The joke is important because it has the potential to help everyone — especially your husband — relax. Which is all part of the plan. I’m no dog behaviorist, but the fact that these situations cause enough stress in social situations to inspire this letter suggests to me that it must get pretty tense in the moment, too. And that the animals involved can tell. Here’s what Dodson said about that:
If the dog barks and the person recoils, the dog registers a victory … And even if the person doesn’t recoil or show fear visible to the human eye, the dog’s sharp eye and sharper nose can sense fear in a tiny gesture or a whiff of sweat.
In other words, if your nice, friendly husband is as concerned as you are about the right way to deal with the barking, all that tension is making the situation worse (he’s not scared of being attacked, but he’s scared of making a scene, which I’m guessing registers about the same to the dog), and I can’t think of a better way than a joke to defuse it.
But I think there’s an additional and maybe even more important benefit to a lighthearted public recognition of what’s happening — one that will carry over even after the dog calms down: It makes you and all of your friends acknowledge that your husband has a different background, and sometimes it might matter.
That you understand the doggie racism that’s at play here but want to be “polite” and “alleviate this socially” suggests to me a certain tentativeness and self-consciousness about tackling even the most innocent, comedic way that race has inserted itself into your circle.
That’s understandable, because this topic — even when it also involves puppies — is infamously touchy, scary and dangerous. But you should try to get past it.
I’m not asking you to sit down and have “Race in America live,” but I’m encouraging you and your husband to apply some humor to this situation — one that’s no one’s fault — and practice gently acknowledging race, and your husband’s race in particular.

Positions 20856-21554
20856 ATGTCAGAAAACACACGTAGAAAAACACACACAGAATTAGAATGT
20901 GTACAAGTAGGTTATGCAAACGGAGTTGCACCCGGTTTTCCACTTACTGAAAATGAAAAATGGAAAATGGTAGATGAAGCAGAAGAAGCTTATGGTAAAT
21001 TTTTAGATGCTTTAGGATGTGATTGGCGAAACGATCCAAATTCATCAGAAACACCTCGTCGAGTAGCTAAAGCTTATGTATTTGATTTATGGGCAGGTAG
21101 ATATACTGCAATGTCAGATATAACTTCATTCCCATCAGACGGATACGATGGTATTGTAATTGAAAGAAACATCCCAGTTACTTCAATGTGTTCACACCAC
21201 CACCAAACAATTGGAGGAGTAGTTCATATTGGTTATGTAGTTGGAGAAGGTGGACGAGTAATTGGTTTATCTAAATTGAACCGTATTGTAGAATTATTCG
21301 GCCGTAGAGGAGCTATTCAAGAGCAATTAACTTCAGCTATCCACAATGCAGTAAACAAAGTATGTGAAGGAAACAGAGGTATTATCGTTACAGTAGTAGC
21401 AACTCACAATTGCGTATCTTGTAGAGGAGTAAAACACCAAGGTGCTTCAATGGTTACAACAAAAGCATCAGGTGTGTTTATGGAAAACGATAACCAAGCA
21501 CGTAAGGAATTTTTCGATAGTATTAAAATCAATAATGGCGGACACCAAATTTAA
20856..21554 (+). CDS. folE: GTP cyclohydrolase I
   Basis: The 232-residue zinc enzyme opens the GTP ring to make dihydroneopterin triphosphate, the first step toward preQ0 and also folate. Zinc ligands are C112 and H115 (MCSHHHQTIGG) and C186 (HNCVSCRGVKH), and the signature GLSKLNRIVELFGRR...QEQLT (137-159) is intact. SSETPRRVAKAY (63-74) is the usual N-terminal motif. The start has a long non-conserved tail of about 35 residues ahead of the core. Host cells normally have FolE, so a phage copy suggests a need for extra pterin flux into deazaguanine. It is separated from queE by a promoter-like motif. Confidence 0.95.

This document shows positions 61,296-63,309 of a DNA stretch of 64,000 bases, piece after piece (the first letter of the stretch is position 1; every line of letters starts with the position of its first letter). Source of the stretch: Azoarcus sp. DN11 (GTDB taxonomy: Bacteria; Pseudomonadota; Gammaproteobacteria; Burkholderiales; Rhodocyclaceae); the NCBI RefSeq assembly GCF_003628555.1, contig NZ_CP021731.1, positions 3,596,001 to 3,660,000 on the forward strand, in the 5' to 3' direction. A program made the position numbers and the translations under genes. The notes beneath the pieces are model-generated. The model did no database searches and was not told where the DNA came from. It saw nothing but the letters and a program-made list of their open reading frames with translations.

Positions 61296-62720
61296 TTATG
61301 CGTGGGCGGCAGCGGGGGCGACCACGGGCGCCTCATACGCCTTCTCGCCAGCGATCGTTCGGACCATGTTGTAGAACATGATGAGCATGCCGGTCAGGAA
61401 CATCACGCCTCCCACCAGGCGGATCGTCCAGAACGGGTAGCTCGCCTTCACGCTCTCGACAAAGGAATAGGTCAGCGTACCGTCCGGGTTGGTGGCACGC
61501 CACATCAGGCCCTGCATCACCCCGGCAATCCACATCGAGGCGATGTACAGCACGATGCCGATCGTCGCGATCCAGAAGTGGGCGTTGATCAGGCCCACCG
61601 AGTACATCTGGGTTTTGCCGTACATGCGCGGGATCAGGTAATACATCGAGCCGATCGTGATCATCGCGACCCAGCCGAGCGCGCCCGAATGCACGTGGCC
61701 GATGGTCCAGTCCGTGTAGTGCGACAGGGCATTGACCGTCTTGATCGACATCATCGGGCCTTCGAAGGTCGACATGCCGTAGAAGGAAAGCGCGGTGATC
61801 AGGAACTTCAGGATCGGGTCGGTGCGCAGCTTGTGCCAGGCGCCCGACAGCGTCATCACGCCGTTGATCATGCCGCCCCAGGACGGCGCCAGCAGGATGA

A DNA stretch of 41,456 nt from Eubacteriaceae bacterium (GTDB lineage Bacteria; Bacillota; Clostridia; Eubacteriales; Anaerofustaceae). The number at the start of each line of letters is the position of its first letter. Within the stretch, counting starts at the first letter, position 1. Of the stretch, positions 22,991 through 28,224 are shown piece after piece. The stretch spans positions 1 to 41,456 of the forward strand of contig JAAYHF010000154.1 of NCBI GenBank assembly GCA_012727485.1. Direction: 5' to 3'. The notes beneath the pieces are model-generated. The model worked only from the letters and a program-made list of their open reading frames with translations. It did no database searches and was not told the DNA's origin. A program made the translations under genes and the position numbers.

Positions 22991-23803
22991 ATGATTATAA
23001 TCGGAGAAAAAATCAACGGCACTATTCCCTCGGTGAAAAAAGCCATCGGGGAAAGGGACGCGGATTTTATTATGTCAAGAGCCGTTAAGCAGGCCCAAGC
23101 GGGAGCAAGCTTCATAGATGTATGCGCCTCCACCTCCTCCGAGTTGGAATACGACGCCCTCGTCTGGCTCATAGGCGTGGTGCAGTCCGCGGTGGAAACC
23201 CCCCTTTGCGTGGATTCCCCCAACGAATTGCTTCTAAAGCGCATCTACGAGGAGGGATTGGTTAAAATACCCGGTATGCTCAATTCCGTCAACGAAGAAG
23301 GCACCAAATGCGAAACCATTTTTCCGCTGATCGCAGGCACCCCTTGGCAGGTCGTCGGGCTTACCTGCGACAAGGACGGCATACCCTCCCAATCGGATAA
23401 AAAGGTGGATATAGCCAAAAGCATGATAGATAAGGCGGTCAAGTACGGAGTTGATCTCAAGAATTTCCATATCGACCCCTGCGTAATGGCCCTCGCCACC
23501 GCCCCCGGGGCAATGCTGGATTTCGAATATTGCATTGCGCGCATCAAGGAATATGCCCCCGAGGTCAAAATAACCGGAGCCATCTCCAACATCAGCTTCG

Why? Because even if his Filipino heritage isn’t central to his identity, I can bet that if dogs are noticing it, they’re not the only ones. And that has almost certainly led to an experience that he’d like to be able to vent about, to be asked about, to at least not have to politely conceal among friends. To me that’s an essential part of high-quality friendships between people of different races.
Small nods to race and identity can strip away shame and secrecy and lay the foundation for a friendship that can weather something more serious, if it ever comes up.
Maybe the dogs are doing you a favor by setting this up. Becoming comfortable with talking about race might not be the easiest thing, but tiptoeing around it and suppressing it in an effort to be polite is about as unproductive as collectively trying to ignore a barking dog.
The Root’s staff writer, Jenée Desmond-Harris, covers the intersection of race with news, politics and culture. She wants to talk about the complicated ways in which ethnicity, color and identity arise in your personal life — and provide perspective on the ethics and etiquette surrounding race in a changing America. Follow her on Twitter.
Need race-related advice? Send your questions to firstname.lastname@example.org.
Previously in Race Manners: “I Hate My Ghetto Name. Can I Change It?“